Toastrack Trams

Technical Information

Fleet Numbers: 69-92 and 161-166

Built: 1911-1913 and 1926

Builders: UEC (69-92) and BCT (161-166)

Capacity: 69 (55 from 1936 for69-92) and 64 (51 from 1936 for 161-166)

Controllers: BTH B18

Bogies: Preston McGuire Equal Wheel

Motors: 27 GE52 (69,70,77-92, 161-166), 29 GE54 (71-76)

Routes Operated: Circular Tour and extra Promenade and Layton journeys

The Toastrack trams were a mainstay of the Circular tour around Blackpool for over 30 years and in that time, 30 were built.

UEC in Preston were approached in June 1911 to build a pair of Toastrack trams.   These trams were an electric version of horse drawn Toastrack Trams that were proving extremely popular on the Douglas Horse Tramway (some of which are still running there today).  Due to their basic design, Toastracks 69 and 70 were built and had entered service by 7th August 1911!    The initial livery chosen was Corporation red livery with white trim.

The simple and open design of 69 and 70 proved popular with the passengers on the Circular tour, which at that time ran from Talbot Square to South Pier, then onto Station Road, Lytham Road, round Marton and back to Talbot Square.   The large capacity of 69 passengers spread out over 14 benches allowed crowds to be cleared quickly.

A further 6 Toastracks (numbered 71 – 76) were ordered in November 1911 and entered service at Easter 1912, with another 4 (numbered 77 – 80) entering service in June 1912.  An unexpectedly large number of passengers wanted to travel on the Circular Tour, in 1912 with the 12 new Toastracks being joined by a further 25 conventional trams on the circular to cater for demand!   A further 6 were ordered in November 1912 (numbered 81-86) with another 6 ordered in 1913 (ordered 87-92)

In 1926, Blackpool Corporation built a further 6 Toastracks numbered 161 – 166 were built to operate an extended Circular Tour, which now travelled along south prom, onto Squires Gate Lane and onto Lytham Road before heading round Marton.

Number Built Built by Scrapped Notes
69 1911 UEC, Preston 1940
70 1911 UEC, Preston 1940
71 1912 UEC, Preston 1941
72 1912 UEC, Preston 1941
73 1912 UEC, Preston 1941
74 1912 UEC, Preston 1941
75 1912 UEC, Preston 1942
76 1912 UEC, Preston 1941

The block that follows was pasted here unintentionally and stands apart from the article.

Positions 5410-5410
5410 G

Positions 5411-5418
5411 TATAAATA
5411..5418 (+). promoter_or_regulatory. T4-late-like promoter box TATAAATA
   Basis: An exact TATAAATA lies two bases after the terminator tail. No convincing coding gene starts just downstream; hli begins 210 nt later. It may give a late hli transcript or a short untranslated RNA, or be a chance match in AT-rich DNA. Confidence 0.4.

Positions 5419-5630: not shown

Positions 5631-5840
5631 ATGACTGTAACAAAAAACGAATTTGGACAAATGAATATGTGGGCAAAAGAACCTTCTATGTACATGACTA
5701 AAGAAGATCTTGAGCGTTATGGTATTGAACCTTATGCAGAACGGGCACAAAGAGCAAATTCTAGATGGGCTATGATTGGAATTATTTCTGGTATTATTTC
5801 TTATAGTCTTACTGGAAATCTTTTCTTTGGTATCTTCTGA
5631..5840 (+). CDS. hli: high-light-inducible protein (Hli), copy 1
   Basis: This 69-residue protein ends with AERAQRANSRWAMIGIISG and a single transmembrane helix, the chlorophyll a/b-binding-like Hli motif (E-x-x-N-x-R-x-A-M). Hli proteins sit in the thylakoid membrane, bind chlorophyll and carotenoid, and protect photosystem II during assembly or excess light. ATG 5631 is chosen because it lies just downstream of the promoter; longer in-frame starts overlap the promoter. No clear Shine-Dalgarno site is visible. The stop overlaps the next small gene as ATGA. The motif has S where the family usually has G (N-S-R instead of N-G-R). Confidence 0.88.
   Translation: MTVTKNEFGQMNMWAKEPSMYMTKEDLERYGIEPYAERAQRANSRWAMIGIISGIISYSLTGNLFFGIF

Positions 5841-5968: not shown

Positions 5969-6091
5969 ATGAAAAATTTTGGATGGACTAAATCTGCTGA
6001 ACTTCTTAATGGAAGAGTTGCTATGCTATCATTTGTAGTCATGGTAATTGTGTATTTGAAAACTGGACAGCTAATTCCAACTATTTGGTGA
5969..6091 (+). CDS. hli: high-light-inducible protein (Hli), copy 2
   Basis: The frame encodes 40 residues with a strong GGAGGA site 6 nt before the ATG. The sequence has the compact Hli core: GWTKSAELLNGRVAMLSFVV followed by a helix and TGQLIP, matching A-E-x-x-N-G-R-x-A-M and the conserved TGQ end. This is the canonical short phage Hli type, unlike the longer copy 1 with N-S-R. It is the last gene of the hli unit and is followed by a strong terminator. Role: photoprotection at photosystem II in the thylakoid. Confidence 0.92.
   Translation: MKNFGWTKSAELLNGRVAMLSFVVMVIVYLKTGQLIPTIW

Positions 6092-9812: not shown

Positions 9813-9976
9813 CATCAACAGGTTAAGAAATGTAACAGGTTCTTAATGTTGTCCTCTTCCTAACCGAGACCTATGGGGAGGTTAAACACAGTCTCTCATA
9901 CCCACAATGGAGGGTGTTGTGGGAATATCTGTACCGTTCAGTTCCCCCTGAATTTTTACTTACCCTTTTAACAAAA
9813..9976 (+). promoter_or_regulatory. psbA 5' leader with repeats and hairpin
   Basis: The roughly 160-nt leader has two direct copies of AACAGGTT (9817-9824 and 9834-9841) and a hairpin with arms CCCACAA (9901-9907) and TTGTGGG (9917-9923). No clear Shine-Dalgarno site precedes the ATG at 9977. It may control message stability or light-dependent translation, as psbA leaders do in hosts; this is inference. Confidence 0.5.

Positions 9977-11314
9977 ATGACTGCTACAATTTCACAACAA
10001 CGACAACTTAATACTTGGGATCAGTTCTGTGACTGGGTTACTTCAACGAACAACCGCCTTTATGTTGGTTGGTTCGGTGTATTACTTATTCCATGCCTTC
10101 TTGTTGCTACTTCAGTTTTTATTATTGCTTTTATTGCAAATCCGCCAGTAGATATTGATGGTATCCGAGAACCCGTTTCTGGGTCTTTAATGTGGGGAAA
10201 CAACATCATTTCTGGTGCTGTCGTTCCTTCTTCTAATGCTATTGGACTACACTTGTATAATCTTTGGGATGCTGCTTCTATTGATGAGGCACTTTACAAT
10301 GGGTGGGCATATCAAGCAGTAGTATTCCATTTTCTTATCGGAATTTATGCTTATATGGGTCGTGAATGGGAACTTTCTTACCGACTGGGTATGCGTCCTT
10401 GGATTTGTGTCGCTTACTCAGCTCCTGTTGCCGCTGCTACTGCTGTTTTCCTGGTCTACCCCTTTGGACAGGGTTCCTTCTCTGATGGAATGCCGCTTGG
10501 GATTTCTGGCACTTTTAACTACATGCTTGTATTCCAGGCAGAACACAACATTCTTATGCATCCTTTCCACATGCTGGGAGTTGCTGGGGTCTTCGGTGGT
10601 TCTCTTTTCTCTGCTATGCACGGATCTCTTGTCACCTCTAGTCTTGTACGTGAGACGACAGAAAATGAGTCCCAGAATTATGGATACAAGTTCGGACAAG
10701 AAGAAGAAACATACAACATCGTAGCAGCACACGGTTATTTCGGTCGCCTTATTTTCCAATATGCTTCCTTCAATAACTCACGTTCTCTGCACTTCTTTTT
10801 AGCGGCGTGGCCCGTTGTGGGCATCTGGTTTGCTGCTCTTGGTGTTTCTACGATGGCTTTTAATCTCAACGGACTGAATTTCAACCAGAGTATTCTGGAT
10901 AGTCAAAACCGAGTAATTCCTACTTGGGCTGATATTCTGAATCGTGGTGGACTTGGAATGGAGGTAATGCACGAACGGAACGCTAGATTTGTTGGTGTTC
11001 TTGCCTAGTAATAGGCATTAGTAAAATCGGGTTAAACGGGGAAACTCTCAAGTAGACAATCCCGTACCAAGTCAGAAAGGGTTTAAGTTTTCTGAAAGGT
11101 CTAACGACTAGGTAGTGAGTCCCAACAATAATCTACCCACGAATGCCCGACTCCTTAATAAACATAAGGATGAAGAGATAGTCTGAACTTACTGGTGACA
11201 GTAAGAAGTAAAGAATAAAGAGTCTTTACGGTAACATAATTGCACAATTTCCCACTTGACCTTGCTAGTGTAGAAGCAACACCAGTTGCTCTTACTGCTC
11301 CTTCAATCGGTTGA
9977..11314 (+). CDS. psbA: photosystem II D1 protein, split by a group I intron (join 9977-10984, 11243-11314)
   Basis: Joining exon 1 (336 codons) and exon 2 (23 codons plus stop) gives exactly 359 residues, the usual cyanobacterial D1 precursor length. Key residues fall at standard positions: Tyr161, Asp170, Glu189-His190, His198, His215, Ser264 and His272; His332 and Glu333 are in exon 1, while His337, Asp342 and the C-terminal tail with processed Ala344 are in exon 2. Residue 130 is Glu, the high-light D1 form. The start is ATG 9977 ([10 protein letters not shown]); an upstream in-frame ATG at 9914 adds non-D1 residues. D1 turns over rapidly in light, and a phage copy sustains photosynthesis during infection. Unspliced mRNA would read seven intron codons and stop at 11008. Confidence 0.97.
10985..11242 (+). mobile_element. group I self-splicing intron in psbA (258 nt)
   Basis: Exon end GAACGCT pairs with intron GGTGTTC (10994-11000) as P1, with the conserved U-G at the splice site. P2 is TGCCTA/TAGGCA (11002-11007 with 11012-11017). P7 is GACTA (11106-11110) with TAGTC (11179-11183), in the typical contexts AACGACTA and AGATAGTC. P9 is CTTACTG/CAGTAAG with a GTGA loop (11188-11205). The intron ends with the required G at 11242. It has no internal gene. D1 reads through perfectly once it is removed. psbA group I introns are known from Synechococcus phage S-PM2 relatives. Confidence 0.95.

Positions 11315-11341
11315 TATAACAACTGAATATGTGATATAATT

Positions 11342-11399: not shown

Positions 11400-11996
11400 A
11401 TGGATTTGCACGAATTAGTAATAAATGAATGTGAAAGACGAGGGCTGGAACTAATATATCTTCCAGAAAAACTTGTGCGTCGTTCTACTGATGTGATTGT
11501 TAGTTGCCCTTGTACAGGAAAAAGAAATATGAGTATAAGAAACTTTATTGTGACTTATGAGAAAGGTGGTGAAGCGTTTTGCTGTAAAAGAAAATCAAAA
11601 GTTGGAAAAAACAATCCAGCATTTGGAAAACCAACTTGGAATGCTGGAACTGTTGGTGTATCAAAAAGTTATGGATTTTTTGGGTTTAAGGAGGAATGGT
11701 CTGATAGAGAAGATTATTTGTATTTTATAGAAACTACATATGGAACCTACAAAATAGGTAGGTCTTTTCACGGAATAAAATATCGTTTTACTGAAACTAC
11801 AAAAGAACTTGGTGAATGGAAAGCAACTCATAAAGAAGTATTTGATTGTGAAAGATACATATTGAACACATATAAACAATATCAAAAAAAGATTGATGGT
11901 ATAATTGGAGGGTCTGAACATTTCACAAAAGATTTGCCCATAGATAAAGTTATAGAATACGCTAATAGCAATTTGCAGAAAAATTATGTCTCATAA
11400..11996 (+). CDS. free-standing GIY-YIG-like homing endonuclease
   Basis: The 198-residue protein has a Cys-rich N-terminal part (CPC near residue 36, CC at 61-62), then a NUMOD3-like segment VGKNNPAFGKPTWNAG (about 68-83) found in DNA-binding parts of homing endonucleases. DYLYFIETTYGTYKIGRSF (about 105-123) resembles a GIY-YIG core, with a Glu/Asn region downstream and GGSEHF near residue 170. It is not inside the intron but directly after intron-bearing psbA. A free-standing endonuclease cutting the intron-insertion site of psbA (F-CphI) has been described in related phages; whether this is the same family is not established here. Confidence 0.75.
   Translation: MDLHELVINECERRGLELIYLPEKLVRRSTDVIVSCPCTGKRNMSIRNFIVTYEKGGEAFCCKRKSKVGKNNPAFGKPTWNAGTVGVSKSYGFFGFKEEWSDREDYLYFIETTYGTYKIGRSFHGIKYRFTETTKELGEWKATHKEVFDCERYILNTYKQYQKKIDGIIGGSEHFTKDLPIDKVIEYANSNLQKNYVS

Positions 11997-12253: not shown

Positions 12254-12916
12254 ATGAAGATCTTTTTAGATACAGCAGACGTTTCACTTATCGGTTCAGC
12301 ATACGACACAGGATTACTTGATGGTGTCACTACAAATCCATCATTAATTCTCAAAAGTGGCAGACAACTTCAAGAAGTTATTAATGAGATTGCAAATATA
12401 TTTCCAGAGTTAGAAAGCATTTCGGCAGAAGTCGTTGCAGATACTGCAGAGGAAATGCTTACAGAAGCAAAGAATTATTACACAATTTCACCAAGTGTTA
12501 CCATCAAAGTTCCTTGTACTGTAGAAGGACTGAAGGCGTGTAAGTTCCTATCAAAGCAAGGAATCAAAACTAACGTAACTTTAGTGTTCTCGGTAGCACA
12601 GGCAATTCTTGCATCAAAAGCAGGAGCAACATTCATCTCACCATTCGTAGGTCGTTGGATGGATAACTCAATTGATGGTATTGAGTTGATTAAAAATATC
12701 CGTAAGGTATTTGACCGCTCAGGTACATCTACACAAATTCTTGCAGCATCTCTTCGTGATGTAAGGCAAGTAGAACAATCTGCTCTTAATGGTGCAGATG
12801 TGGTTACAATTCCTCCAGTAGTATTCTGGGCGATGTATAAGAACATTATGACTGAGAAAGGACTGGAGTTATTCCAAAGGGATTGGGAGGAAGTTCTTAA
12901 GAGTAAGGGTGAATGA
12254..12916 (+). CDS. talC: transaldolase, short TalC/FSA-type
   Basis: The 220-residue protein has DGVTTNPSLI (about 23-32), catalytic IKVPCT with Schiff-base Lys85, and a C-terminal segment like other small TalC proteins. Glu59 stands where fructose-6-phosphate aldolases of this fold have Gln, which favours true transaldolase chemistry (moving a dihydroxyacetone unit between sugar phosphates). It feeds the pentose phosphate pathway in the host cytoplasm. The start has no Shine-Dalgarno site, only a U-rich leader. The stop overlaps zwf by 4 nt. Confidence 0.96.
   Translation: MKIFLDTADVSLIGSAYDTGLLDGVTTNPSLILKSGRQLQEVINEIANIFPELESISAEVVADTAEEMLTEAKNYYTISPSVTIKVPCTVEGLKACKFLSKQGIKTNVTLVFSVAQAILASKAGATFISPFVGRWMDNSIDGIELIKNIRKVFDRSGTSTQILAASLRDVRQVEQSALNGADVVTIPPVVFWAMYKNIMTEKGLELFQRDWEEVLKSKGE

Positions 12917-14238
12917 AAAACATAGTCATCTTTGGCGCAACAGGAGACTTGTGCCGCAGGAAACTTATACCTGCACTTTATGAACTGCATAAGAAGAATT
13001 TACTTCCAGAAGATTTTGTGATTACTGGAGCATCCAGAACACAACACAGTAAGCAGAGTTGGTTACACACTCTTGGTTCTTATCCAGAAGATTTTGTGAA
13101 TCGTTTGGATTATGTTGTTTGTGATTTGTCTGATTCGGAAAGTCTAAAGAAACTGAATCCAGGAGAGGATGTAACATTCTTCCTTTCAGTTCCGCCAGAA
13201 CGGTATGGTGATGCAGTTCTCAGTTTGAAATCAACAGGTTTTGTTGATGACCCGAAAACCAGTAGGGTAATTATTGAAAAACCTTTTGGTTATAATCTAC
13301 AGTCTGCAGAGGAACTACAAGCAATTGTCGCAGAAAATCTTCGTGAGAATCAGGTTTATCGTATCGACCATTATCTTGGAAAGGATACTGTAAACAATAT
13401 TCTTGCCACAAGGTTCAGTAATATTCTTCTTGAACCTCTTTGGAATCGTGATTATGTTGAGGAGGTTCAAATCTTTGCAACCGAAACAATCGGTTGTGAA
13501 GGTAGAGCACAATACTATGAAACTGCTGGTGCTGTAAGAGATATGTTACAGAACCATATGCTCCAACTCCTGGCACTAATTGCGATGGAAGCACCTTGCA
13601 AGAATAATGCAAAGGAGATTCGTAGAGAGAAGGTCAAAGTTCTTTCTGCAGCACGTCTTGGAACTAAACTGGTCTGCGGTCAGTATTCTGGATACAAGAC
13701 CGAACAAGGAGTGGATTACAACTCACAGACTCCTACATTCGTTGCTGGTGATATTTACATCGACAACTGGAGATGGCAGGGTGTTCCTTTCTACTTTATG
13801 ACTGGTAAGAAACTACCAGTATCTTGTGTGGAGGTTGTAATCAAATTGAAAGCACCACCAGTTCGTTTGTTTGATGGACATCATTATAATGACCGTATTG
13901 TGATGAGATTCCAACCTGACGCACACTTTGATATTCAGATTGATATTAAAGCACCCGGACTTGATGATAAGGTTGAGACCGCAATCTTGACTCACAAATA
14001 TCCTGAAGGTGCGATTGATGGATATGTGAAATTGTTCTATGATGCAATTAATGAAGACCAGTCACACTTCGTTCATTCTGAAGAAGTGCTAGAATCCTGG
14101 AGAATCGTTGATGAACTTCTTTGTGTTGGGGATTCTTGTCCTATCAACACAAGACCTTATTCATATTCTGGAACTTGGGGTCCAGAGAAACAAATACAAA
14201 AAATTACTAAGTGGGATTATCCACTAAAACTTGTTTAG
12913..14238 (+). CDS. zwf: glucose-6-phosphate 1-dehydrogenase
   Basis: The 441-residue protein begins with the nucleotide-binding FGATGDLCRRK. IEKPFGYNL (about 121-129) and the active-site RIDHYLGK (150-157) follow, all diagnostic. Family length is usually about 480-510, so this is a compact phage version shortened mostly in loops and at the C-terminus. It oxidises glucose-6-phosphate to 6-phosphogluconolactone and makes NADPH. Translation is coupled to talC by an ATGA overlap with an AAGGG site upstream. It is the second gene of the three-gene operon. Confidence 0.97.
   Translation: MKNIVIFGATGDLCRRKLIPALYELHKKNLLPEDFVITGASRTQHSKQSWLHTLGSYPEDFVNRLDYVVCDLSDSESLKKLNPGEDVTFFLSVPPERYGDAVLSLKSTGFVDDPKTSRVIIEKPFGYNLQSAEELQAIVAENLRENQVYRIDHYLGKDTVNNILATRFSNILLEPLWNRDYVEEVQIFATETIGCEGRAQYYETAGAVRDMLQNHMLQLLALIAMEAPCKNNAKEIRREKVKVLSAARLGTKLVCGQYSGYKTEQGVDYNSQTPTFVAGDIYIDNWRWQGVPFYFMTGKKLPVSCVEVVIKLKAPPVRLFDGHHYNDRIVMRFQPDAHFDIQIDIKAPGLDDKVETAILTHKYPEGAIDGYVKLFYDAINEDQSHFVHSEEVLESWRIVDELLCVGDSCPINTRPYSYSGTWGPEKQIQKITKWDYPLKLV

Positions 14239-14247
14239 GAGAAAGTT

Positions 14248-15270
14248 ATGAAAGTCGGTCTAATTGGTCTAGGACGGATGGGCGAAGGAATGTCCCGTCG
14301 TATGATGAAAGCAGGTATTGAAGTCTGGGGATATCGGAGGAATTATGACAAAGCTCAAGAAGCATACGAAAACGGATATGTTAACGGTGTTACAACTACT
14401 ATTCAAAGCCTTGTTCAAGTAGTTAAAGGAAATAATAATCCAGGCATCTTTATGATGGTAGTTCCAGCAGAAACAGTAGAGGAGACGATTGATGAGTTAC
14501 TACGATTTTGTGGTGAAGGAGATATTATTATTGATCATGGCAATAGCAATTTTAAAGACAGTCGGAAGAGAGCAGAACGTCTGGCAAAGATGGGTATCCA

77 1912 UEC, Preston 1942
78 1912 UEC, Preston 1942
79 1912 UEC, Preston 1941
80 1912 UEC, Preston 1942
81 1913 UEC, Preston 1941
82 1913 UEC, Preston 1941
83 1913 UEC, Preston 1941
84 1913 UEC, Preston 1942
85 1913 UEC, Preston 1941
86 1913 UEC, Preston 1942
87 1914 UEC, Preston 1941
88 1914 UEC, Preston 1942
89 1914 UEC, Preston 1942
90 1914 UEC, Preston 1942
91 1914 UEC, Preston 1942
92 1914 UEC, Preston 1942
161 1926 B.C.T. 1960 Converted to Snowplough / Water Car 1941
162 1926 B.C.T. 1954
163 1926 B.C.T. Used as the basis of Blackpool Belle 1959
164 1926 B.C.T. 1954
165 1926 B.C.T. 1968 TV Tram from 1951
166 1926 B.C.T. TV Tram from 1953, later restored now based at Crich

The Corporation built Toastracks were built shorter than the UEC built version, with only 13 benches and a slightly lower capacity of 64 passengers.

Following the arrival of Walter Luff as General Manager in 1933, the Toastracks were still seen as an important part of the Circular Tours and were repainted into the new livery of Green and Cream.

By 1936, it was decided to add a centre aisle to the passenger area of the Toastracks to make it easier and safer for the conductor to collect fares.   This however reduced the capacity of the UEC built trams to 55 and the BCT built trams to 51.

The beginning of World War 2 in September 1939 spelled the end of the Toastrack in passenger service with the fleet being stored in Marton Depot.   Maintenance continued on them and the BCT fleet were even fitted with hoods on their headlights (fitted to all trams in service to make their headlights less visible from the air) in case they were required.   However Marton Depot was requisitioned for the war effort and the UEC trams were sent for open storage at Thornton Gate sidings and by 1942 had all been scrapped.   161-166 were more lucky, they were stored initially at Bispham depot before transferring to Blundell Street in 1941.

161 was converted to a snowplough and water tank tram in 1942 and could still run under its own power until it lost it’s electrical equipment in 1948 and had to be towed by the electric loco.   The tram lasted in this form until it was scrapped in 1960.

165 was converted to a TV tram, with a camera gantry and transmitting equipment in 1951, whilst 162, 164 and 166 were moved to Thornton Gate for outside storage.   163 was moved to Copse Road Permanent Way Depot for future use.   166 was returned to Rigby Road in 1953 for conversion to a second TV tram and was paired with 165.   162 and 164 were scrapped in 1954.

In 1959, 163 was moved back to Rigby Road where it was used as the basis for the Blackpool Belle illuminated tram.

165 was scrapped in 1968 as the use of the TV tram was no longer required, whilst 166

remained stored until 1972, when it was donated to the National Tramway Museum at Crich for restoration.   166 entered service at Crich in 1974 and is still in service and as popular now as it was in it’s heyday in Blackpool.


Original Info from